This post about feedback in healthcare as an act of caring was contributed by Sue…
We recently heard from Dimitar Simeonov, who shared his story about reading Radical Candor while managing an intern when he was working at Twitter as a senior data scientist. While Dimitar’s no longer at Twitter, at the time he had been there for four years and was responsible for the intern’s technical mentorship. Thanks for sharing the learning and the love, Dimitar!
Two weeks in as an intern mentor, I had a dilemma. My intern was performing with the cadence and quality of a full-time engineer. I felt I needed to challenge him and help him learn further. I felt like he hadn’t reached his potential and I needed to help his growth. I thought if I didn’t do it, he might get bored and start underperforming, not get a return offer, or not be interested in a return offer. Most important, the internship wouldn’t have been worth his time.
This was the first time I was a mentor, and I was quite anxious, feeling unease about providing personal criticism from a point of authority. I was happy with the progress, but also worried, because it made the task of giving critical feedback harder for me.
I didn’t feel like criticizing him at all. There weren’t many things to criticize. I was afraid that if I spent too much time on minor issues, I might come off as complaining too much. That he might feel discouraged, and we’d have a harder time building camaraderie.
To contrast personal and technical feedback, I am very happy to go into a technical argument, but very rarely, or never would go and criticize the approach of others. I was providing technical feedback to my intern all the time, on the code reviews, without having to wait until the next 1:1.
So technical feedback was not an issue for me — I could go into a technical argument with other engineers, focused entirely on technical merit, and emerge without me or them feeling personally insulted. The code is the code, but people are hard for me.
Having recently read Radical Candor, I knew that if I didn’t point things out, complacency could sneak in, and he’ll have a “meh” experience. I would have failed as a mentor to do my job.
I used two techniques for overcoming my dilemma.
The first technique I learned from the Radical Candor book, that if I am more receptive to feedback, and listening earnestly, then he in turn would be more receptive, because he’ll see that I care personally through my actions. During our one-on-one meetings I was trying to extract things I could have done better, asking the same questions every time, and providing enough pause so he could answer.
I asked for things I could do or stop doing to make it easier for him. I asked for feedback from him. I also repeatedly asked him about the direction of his career, whether he’d prefer to learn more about code patterns and how to write great quality code, or whether he’d be more interested in product development.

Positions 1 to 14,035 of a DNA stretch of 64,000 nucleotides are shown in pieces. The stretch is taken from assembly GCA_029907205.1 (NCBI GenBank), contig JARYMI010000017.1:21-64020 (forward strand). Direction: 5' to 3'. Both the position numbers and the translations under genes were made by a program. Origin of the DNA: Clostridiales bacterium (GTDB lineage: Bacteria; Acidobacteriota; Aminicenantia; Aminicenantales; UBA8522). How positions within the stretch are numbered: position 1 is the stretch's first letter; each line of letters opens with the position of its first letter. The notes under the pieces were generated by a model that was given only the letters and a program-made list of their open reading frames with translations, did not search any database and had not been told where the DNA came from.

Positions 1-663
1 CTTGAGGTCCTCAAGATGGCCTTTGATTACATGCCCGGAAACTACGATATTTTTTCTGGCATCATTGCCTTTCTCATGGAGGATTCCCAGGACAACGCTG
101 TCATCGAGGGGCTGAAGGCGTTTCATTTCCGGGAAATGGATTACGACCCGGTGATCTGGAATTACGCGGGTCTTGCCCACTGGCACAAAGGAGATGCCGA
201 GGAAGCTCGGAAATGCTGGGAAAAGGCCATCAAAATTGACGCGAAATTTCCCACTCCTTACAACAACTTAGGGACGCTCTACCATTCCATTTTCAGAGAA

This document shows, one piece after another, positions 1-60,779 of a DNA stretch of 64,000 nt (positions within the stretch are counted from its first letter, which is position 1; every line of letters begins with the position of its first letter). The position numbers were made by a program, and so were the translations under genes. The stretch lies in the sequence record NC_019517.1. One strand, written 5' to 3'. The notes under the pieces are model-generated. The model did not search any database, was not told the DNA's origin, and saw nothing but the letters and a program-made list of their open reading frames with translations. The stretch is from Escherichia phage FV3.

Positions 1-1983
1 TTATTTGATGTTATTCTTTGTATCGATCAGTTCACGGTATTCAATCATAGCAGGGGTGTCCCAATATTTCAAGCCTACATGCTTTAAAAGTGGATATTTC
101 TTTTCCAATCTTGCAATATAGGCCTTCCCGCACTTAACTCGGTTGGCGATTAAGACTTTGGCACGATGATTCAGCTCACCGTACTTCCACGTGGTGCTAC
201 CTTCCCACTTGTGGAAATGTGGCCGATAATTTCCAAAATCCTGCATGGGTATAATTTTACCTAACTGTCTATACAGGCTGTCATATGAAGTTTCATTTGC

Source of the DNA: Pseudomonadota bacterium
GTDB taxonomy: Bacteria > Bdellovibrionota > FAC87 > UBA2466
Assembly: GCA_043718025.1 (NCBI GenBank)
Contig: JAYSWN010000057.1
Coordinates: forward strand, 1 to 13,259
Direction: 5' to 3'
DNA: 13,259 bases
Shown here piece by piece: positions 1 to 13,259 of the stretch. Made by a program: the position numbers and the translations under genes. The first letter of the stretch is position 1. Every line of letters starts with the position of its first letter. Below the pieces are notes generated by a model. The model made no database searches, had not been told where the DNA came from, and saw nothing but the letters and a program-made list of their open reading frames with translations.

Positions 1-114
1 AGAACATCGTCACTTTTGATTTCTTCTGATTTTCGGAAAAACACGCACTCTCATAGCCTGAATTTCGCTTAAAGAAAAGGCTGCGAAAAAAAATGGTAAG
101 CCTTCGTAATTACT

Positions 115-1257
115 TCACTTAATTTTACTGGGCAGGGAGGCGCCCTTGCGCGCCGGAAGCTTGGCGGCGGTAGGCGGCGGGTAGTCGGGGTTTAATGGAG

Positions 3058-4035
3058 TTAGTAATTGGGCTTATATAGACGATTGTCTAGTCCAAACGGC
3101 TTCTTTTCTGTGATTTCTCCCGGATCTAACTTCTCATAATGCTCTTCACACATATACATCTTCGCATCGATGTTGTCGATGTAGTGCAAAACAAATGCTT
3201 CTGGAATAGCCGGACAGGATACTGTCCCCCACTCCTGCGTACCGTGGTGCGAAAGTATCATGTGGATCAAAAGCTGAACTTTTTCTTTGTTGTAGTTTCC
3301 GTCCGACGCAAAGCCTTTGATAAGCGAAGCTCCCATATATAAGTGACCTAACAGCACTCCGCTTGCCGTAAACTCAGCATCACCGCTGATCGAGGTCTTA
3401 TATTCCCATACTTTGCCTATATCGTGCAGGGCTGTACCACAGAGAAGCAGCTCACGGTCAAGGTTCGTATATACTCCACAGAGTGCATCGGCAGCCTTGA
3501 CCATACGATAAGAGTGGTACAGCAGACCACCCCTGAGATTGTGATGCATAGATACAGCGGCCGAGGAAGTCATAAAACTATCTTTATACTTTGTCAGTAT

I saw these kinds of career questions in Radical Candor, and I thought it would be a good way to break the ice and show that I care. After several weeks of bringing up these questions, my intern started answering them. He chose to focus more on the product aspects and I assigned him more product-related tasks. He provided feedback to me that having a written plan for the work we were doing together helped him understand more easily the scope and importance of the various tasks.
I heeded his comment. I made sure to always have a written up-to-date plan, which helped us collaborate more closely as his internship progressed. This written plan evolved into a wiki page containing all the current, past and future work on the project, broken up with milestones and tickets’ statuses. Having learned this from my intern, I used the same format for my other projects.
The second technique was to create a dedicated space for suggestions for improvement during our 1:1. I structured the meeting in a way that we talked about feedback and career prospects for him before discussing any kind of “status updates” or technical issues.
After the first few weeks, I told him, ‘Hey, let’s try the following approach. Every week, during 1:1, I will talk about one thing that you could have done better during the last week.’ This provided me a cover to discuss seemingly minor things without being petty. What’s more, focusing on a single thing per week provided more clarity to him about what I thought was important.
Instead of saying three things and noticing that the next week he has improved on two of them, but not the most important one, we would instead focus on the most important thing first.
One of the weeks he did a great job on his project, and I didn’t really have much critical feedback — he even made a presentation to the team that he delivered well. That week I gave him feedback that he did great and the only improvement that I see is that he used the word “study” incorrectly, instead of “experiment” during the presentation. This showed that I still paid attention to his work through the week and valued it, and still helped him make a minor adjustment.
At the end of the internship, he did a presentation about his work and there was a slide in it that made me happy. The slide was about what he learned during the summer. He started mentioning things that would appear as bullet points on the slide.
But when the space on the screen was full he kept on going … new bullet points appeared all over the place, overlapping at angles with the pre-existing ones, faster and faster. It was a pour of learnings. He said, “I learned so much.” Everyone laughed and clapped.
I cannot claim credit for all the learnings, but as his mentor I’d like to think that my behavior and feedback during the 1:1 meetings helped, and that Radical Candor helped me challenge directly and care personally.